It has been a rough year for corn. First, planting was delayed from the start, then there was prevented plant acres and the weather wasn’t cooperating. Prices picked up a little, but now those gains have pretty much disappeared.

“Corn has taken a pretty good beating here these last three weeks,” said Randy Martinson, Martinson Ag Risk Management, Fargo, N.D, speaking on Aug. 6. “We’ve lost pretty much most of what our spring gains were off of a couple different things.”

One, he pointed out, was improving weather conditions. The Corn Belt, as well as the Northern Plains, has seen cooler temperatures as the crop is going through the pollination stages. These cooler temps certainly are helping the crop to pollinate as best as it can given the rough start that it had.

“The crop is behind still by about a week or two, depending on location, meaning it’s going to take a little more extended period of time for the pollinating season than what we normally would see” he said. “But so far we’re starting to see enough rain to stand with it and that’s kind of taken away the shallow root argument in some of the areas, especially up here in the Northern Plains.”

That said, Martinson said the crop is improving.

“It certainly does look nice for the most part, but it’s about two weeks behind, which still has us a little concerned about an early frost potential,” he said.

“We’re also seeing, because of the run-up in price that we’ve had, a downturn in demand. Ethanol demand has slowed down dramatically,” he continued. “We’ve seen that in ethanol reports as each week it’s a little bit lower production estimate. We’re seeing stocks build for ethanol.”

Adding to the woes is the fact that the most recent round of trade talks with China has also broken down. Talks had broken off in June, but the two sides decided to try again in late July, but now those have fizzled out as well. The fact that China is coming out and saying they’re going to suspend buying products from the U.S., that has hurt the U.S. ethanol market a little bit as the U.S. was very dependent on China.

Martinson said it sounds like Brazil might come in and take care of some of that, but that’s not finalized yet, although it is something that’s in the works.

Exports are another thing for corn that has slowed down dramatically. That’s partly because of the huge crop Brazil has and they’re exporting a little more aggressively than what the U.S. is and that’s caused a little bit of concern as well, according to Martinson.

Martinson also pointed out that traders and producers are starting to turn their attention to USDA’s upcoming report on Aug. 12. He explained that USDA re-surveyed 14 Midwestern states, including each of the key corn and soybean production states, after USDA’s June Acreage report gave traders higher than expected corn acres and lower than expected soybean acres. Most traders, he said, expect the USDA report to have a reduction in corn acres and an increase in soybean acres.

“Overall, we still don’t know where acres are at. The estimates are still coming in that we’re going to be looking at somewhere between a 6- to possibly 8 million acres of prevented plant,” he said. “That acreage report certainly will be what sets this market off here. That will be the next big report we’ll see, whether it’s to the downside if it’s a bearish report or the upside if it’s a bullish report. Right now, it’s hard to believe that it can’t be friendly, but I guess we’ll see when that report comes out. That’s going to be the main driver of what happens to this market as we go into the late summer, early fall.”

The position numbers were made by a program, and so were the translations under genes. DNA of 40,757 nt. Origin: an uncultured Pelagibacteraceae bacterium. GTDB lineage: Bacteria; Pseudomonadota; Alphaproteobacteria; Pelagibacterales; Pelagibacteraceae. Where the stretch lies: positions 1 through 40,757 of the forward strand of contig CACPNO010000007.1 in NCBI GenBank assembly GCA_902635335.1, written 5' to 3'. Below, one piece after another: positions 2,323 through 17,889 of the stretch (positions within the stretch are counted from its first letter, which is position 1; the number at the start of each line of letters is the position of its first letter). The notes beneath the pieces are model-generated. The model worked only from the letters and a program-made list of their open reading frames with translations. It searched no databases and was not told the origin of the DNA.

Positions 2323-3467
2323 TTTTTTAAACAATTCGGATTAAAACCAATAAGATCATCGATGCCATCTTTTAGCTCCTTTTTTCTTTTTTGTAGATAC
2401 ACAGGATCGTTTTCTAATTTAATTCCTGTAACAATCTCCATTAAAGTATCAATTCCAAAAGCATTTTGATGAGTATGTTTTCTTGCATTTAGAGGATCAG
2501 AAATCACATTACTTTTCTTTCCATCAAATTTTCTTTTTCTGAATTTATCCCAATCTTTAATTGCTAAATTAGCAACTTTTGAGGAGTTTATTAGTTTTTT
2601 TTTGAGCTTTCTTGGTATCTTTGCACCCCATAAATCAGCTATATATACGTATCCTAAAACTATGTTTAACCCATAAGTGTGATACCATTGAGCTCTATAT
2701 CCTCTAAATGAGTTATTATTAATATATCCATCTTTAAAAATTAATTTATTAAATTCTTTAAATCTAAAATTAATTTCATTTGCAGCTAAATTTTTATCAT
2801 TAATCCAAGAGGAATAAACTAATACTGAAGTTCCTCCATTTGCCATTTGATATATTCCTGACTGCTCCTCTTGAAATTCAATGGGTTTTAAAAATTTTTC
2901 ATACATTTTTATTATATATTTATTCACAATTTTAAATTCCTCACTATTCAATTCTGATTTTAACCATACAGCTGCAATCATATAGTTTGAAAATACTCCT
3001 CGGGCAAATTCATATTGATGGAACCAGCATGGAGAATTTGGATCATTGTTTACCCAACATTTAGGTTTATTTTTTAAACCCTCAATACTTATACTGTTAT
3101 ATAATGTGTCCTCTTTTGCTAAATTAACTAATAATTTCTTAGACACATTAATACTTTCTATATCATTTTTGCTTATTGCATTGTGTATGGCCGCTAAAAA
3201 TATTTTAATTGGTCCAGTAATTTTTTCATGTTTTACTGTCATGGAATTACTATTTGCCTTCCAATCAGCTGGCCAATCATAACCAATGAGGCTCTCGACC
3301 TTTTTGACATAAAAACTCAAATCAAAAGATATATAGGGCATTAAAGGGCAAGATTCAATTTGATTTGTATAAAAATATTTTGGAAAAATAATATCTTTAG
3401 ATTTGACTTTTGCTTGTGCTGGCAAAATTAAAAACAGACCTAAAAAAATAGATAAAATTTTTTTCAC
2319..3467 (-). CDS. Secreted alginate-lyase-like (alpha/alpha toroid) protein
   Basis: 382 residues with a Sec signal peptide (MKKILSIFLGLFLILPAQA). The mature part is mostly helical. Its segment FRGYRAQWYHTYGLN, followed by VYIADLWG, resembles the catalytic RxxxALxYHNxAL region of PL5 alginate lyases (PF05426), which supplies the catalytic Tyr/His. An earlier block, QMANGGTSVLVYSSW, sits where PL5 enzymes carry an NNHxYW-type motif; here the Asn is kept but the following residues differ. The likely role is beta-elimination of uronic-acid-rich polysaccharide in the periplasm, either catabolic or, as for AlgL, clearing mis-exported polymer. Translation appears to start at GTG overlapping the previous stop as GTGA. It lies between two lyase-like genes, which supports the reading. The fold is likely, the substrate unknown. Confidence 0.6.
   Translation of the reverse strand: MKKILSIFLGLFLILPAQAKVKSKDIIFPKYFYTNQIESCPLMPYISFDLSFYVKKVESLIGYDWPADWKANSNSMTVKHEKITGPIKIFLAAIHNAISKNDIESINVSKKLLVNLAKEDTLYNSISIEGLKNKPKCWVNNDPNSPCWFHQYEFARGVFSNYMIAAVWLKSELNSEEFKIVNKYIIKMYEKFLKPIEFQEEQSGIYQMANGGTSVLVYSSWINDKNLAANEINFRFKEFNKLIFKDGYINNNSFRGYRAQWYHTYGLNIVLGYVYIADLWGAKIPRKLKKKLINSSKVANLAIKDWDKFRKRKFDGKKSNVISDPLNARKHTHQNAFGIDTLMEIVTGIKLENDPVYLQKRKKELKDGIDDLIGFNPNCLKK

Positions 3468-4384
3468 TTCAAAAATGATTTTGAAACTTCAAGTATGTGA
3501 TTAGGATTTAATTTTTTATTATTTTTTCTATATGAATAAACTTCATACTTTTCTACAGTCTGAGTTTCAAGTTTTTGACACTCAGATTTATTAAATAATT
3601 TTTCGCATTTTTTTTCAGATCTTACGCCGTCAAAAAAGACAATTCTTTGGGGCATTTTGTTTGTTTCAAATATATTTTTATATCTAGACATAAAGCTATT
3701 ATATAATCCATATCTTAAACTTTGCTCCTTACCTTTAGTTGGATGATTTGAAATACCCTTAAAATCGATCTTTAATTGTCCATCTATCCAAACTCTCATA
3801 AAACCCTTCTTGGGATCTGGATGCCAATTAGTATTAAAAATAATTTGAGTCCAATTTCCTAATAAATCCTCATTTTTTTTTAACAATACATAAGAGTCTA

What would make it a bullish or friendly number?

“I think any acreage reduction to corn of anywhere between 3-4 million will be friendly,” he said. “It’s unlikely USDA will come with the full number right away in this report. I think it will take a couple reports before they get to the actual number where corn acres are going to be. But I think it has to be somewhere between 3-4 million, maybe even a little bit lower yield estimate down from 166 (bushels per acre) to 165, maybe 163, somewhere in that area would certainly help. We need to see the production estimate drop by a combination of seeing acres cut and yield.”

As of early August local cash prices were $3.75 a bushel. Basis has started to widen a little, but nothing fantastic, Martinson noted.

“Producers are little more comfortable now selling product because they’re a little more assured that they’re going to get a crop, so that has kind of opened up the grain bins here in the west,” he said. “The east, especially in Ohio, they still continue to have their bins pretty much welded shut, but basis levels across the U.S. have seen a little bit of a downturn.

“For corn, our basis there has been fairly good, that’s anywhere from 20-30 cents under at end user places, but 40 cents under at elevators so definitely a lot more advantageous to lock basis levels in for corn.”

At this time Martinson is advising producers to hold on and see what the USDA report holds.

“We expect it to be friendly and we still think there is some upside potential in the corn market,” he said, adding there definitely are some issues out there including normal frost, which would be the end of September which would certainly hurt this crop, not just in the Northern Plains, but it will get down into western parts of the Corn Belt as well.

“There’s still a lot of more unanswered questions of how this crop is going to come out of this than there are answers at this point,” Martinson said. “I think it’s enough to continue to roll the dice and then hold off. Now, if December corn drops down below $4, which we’re kind of flirting with after the last sell-off, then we start talking about a different game. Then we might want to start throwing some puts in place just in case this thing completely erodes.”

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